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Media's Misunderstanding Of ETFs

Every time the market has a period of extreme volatility, as it did in early February, there is no shortage of TV personalities who find a way to blame it on the ETF industry.

Despite the fact that the ETF industry has done more good for the average investor in terms of lowering fees, providing transparency and helping investors build intelligent portfolios than any other development in the industry in the last 50 years, their success sometimes makes them an easy target.

I am not going to focus on the VelocityShares Daily Inverse VIX Short-Term ETN (XIV), the short-volatility ETN that Credit Suisse recently closed as the market value of the product fell more than 90%. For one thing, it is a debt instrument issued by a bank, not an ETF.

This is not an insignificant distinction, as banks can create notes on many things that the SEC would not approve as a fund; for example, bitcoin. And while XIV was seen as causing the volatility, my guess is that there were many short-volatility bets across many instruments being unwound as interest rates spiked, and XIV was just the most visible.

Bubble In Passive Investing?

The issue that caught my ear was talk about a “bubble” in passive investing caused by ETF investors. Truthfully, I really don’t even understand what that means.

Markets have historically traded at high valuations in certain times of animal spirits such as the Nifty Fifty in the 1970s or the internet stocks in the 1990s, and they will continue to do so from time to time.

As investors clamored to increase equity positions last year as the economy strengthened and the tax cut was becoming a reality, ETFs were the most efficient way to quickly put large amounts of capital to work. This is a benefit of the structure, not a fault.

So, is the bubble that TV pundits hint at in specific stocks because they are part of an index and must be bought as cash flows into new ETF creation units?

I concede that, all things equal, it is good for the valuation of certain individual stocks to be in an index. But I don’t concede that it is harming the markets in any way. If anything, it should be relatively easy for active managers to outperform indexes if certain constituents get temporarily overvalued when new cash floods into the market.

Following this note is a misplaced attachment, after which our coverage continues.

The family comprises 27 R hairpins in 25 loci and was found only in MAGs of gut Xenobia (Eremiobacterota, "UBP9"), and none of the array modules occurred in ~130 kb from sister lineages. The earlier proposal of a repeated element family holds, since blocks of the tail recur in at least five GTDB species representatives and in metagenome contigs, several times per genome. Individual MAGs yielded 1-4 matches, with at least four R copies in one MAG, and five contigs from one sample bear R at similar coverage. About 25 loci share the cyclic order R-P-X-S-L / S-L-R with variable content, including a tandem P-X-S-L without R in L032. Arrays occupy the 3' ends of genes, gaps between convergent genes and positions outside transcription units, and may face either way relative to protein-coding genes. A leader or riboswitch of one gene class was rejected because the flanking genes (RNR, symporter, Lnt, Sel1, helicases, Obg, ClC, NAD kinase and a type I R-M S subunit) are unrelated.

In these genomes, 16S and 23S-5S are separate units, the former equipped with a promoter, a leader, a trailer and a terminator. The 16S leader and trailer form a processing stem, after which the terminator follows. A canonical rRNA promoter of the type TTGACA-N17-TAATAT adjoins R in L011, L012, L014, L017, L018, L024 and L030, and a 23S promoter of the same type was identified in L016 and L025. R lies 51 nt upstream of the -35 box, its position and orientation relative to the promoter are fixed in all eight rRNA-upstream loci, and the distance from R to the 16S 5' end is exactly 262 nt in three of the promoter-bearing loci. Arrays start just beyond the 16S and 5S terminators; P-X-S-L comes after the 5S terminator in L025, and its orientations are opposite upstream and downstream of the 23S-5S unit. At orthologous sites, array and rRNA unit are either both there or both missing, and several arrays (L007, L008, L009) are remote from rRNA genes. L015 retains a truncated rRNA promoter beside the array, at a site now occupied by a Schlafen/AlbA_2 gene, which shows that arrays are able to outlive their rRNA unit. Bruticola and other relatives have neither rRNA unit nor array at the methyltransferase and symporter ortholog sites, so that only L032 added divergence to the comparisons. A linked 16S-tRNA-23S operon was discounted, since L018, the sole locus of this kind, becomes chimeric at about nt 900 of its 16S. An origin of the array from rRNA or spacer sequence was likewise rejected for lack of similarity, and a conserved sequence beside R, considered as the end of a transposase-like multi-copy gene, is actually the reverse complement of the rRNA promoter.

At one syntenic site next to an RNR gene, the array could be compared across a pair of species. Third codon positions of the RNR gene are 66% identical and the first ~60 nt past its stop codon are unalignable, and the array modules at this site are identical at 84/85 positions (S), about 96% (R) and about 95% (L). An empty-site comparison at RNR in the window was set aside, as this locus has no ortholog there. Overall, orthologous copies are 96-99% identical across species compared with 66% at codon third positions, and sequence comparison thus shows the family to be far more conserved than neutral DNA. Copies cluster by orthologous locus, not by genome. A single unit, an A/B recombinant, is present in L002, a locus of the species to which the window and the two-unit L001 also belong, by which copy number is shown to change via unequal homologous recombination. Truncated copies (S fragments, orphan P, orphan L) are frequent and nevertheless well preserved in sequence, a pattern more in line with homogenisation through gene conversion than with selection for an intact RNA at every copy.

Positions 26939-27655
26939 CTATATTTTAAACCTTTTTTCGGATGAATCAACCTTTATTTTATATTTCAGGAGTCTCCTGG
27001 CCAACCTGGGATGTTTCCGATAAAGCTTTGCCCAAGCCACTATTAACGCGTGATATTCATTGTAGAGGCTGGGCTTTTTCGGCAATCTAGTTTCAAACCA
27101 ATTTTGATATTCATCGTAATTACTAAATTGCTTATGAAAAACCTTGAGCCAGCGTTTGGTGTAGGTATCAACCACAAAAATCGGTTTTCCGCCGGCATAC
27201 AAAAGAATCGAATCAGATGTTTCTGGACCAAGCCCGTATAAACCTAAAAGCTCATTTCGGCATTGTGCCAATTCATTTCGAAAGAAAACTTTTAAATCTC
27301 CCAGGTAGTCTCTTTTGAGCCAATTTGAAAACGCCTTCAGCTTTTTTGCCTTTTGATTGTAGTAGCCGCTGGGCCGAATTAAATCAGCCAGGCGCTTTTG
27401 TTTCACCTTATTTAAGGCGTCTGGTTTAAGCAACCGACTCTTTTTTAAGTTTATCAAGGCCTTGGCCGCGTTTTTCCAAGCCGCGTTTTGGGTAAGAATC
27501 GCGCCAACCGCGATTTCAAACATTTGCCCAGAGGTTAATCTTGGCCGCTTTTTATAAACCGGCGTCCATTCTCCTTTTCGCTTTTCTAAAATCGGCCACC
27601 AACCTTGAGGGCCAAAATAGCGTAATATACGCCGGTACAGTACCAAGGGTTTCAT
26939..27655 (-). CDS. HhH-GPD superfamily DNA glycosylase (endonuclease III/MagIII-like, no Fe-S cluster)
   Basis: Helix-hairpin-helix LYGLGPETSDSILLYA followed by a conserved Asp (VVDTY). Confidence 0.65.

Index Rebalancing Key Factor

Another critical factor that is overlooked is that many ETFs are based on indexes that do indeed rebalance according to certain criteria, such as minimum volatility, dividends, earnings or a combination of factors.

These funds are really systematic active strategies. They just happen to be transparent and predictable; again, a benefit of the structure.

Finally, many portfolios these days are created by actively managing a series of underlying passive and smart-beta ETFs (as Astoria does).

For example, many investors are increasing international ETF allocations this year relative to the U.S. as valuations tend to be lower overseas—a rebalancing process exactly the opposite of creating a bubble.

Find A Scapegoat Elsewhere

In times of market stress, you can always find a pundit who will paint with a broad brush and cast blame on the ETF industry. Often it is from active managers who find it very difficult to compete against ETFs that have a series of fee, tax efficiency, transparency and flexibility features that they do not have.

The reality is that the ETF industry’s success has spawned many additional products that offer different exposures with different methodologies in different structures and with different tax treatment.

While it is important to have expertise in these areas to create optimal ETF portfolios, the industry is as sound as ever, and the pundits need to find a different scapegoat.

Best, Bruce Lavine,

Senior Strategy Advisor

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